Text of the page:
Searching for a placement; it’s not all blue skies.
Back in October 2012, I made a start on the placement search.
If it wasn’t University emails warning me of deadlines for employers then it was the lecturers piling placement advice (Useful, very useful) on top of the mountain of guidance and recommendations from ratemyplacement.com etc.
Very quickly, I was overwhelmed with information.
This information, some useful, some not so much, did make me actively find placements I could see myself filling the role of. From supply chain, to research assistant, to marketing. The spectrum of jobs is quite staggering.
Soon enough, I had made the choice that supply chain was the role for me, with a few 2nd year modules fitting the bill and an interest in logistics, I went gung-ho. I applied to all the major corporations starting with the FMCG companies, Unilever and P&G, then to the brands L’Oreal and Intel.
[Make sure your cover letter and CV is tailored to the company you are applying for. It is the most basic of rules but you do hear about cover letters including the names of different companies, so check and check again.]
Once the applications are sent, the waiting game is the worst part. Did I get through the initial stage? Should I have mentioned something different? Then you think refreshing your inbox every hour will do the trick. We’ve all been there.
Huge corporations like the above get thousands upon thousands of applications so obviously it takes time to sift through. I applied to Unilever back in October and got notified of a telephone interview in December, 3 months later…
Research is key for telephone interviews, they’ll be able to sniff out the ones that don’t.
40 minutes after the telephone interview began and I finally hang up the phone, hands clammy and throat dry, you need a cup of tea. Then you will start thinking, why did I ask the interviewer how she was 4 times…all of it is nerves, my first professional telephone interview. DONE.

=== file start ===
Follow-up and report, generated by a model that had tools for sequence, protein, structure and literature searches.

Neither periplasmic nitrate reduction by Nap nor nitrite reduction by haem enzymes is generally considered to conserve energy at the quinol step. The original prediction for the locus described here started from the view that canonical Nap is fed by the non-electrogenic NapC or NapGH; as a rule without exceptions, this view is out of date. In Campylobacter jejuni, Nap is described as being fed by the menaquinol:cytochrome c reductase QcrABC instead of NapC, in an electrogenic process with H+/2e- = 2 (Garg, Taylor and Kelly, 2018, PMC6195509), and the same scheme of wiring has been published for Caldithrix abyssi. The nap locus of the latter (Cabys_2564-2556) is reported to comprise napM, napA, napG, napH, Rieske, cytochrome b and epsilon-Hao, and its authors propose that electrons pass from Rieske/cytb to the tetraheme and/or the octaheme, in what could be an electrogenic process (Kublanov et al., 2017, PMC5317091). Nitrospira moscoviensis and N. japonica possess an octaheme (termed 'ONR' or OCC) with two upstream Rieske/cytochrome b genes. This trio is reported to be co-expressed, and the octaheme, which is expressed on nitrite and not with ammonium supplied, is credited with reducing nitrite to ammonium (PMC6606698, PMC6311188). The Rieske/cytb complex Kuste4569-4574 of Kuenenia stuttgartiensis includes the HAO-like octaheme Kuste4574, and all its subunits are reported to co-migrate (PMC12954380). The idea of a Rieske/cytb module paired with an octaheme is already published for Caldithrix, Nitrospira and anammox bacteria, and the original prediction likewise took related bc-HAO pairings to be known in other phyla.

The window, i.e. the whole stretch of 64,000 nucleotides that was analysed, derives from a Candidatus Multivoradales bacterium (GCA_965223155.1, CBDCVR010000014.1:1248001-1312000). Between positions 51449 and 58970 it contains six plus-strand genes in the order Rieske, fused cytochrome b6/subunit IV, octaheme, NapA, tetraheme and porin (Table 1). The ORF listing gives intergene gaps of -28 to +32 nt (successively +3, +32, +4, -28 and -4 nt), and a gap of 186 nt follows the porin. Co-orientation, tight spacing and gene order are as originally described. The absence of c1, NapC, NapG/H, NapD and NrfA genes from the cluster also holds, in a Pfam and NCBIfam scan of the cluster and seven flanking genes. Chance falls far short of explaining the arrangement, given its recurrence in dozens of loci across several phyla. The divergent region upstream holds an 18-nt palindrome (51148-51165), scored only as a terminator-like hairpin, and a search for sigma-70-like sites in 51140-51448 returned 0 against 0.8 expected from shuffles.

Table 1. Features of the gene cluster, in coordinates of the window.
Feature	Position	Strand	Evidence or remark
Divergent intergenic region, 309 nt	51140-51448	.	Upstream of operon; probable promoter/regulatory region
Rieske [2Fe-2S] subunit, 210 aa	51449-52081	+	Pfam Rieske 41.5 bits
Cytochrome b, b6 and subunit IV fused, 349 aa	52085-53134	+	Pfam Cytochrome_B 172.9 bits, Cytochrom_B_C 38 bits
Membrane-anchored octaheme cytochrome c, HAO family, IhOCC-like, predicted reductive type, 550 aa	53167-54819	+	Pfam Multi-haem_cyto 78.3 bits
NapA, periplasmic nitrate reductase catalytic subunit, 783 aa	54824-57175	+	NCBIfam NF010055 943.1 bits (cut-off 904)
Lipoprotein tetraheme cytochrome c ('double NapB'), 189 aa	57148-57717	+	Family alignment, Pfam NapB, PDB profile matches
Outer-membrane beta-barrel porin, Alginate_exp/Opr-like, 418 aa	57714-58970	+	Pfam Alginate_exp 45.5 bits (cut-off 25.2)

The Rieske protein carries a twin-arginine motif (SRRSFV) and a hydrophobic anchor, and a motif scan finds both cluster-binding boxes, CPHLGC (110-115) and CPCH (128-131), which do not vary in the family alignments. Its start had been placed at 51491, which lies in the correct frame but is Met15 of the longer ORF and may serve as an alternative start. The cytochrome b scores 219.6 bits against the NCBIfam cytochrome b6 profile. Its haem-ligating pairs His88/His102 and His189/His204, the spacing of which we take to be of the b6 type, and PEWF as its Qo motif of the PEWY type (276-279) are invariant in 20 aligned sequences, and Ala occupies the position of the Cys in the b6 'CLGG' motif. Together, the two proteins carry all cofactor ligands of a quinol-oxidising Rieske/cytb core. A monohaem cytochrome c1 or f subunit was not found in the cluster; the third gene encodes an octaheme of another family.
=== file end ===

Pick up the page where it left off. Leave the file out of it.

All of it is a learning curve.
I heard back on New Year’s Eve to say I was being invited to an assessment centre in January. I think I drank well that night.
January comes around; I’m in my suit, last worn for the business game presentations. We’ve all been there.
The Unilever offices are like a playground, a Ben & Jerry’s store serving free ice cream, a hairdressers, a spa, a gym. Instantly, I was envisioning sitting at my desk.
Then the tests began and the interviews were underway, 9-5 of rigorous questioning, presenting and competing for the job.
I didn’t get it.
The news was a huge dent in my search. First thoughts, ‘Didn’t want a spa anyway…’ but it only drives you harder to get that placement.
From January through to April, I applied to 35+ companies, getting to another assessment centre with L’Oreal. Another rejection.
Then came the month of May.
Exams are round the corner, I still hadn’t found a placement, Gosta Green was a comforting friend.
Suddenly I had a 3rd assessment day with Boots, I got it. Supply Chain. I was on cloud 9.
8 months of searching and I had got one. I think I went to Mechu that night.
However other companies were now calling me asking for assessment days, firstly the Discovery Channel and then Canon.
So my parents said it would be a good experience for me to look at a marketing role, plus it was 10 minutes from home. So I went for the assessment day at Canon.
I got it too.
Placements seemed like London buses at this point.
I spent a day glued to my phone asking all manner of people for advice, from flatmates, to parents, to sibling, to girlfriend, to personal tutor, probably the gym instructor too. What should I do?
Boots was the safe option; Canon was the risky, but potentially more rewarding. I chose Canon. And I haven’t looked back.
Marketing is definitely for me, and the exposure I have to all the departments at a multi-national company, the 35th biggest brand in the world currently, is developing my skills for the business world.
This placement year is priceless.
Don’t give up, even in your darkest hour. Employers will appreciate that.
Good luck in your quest.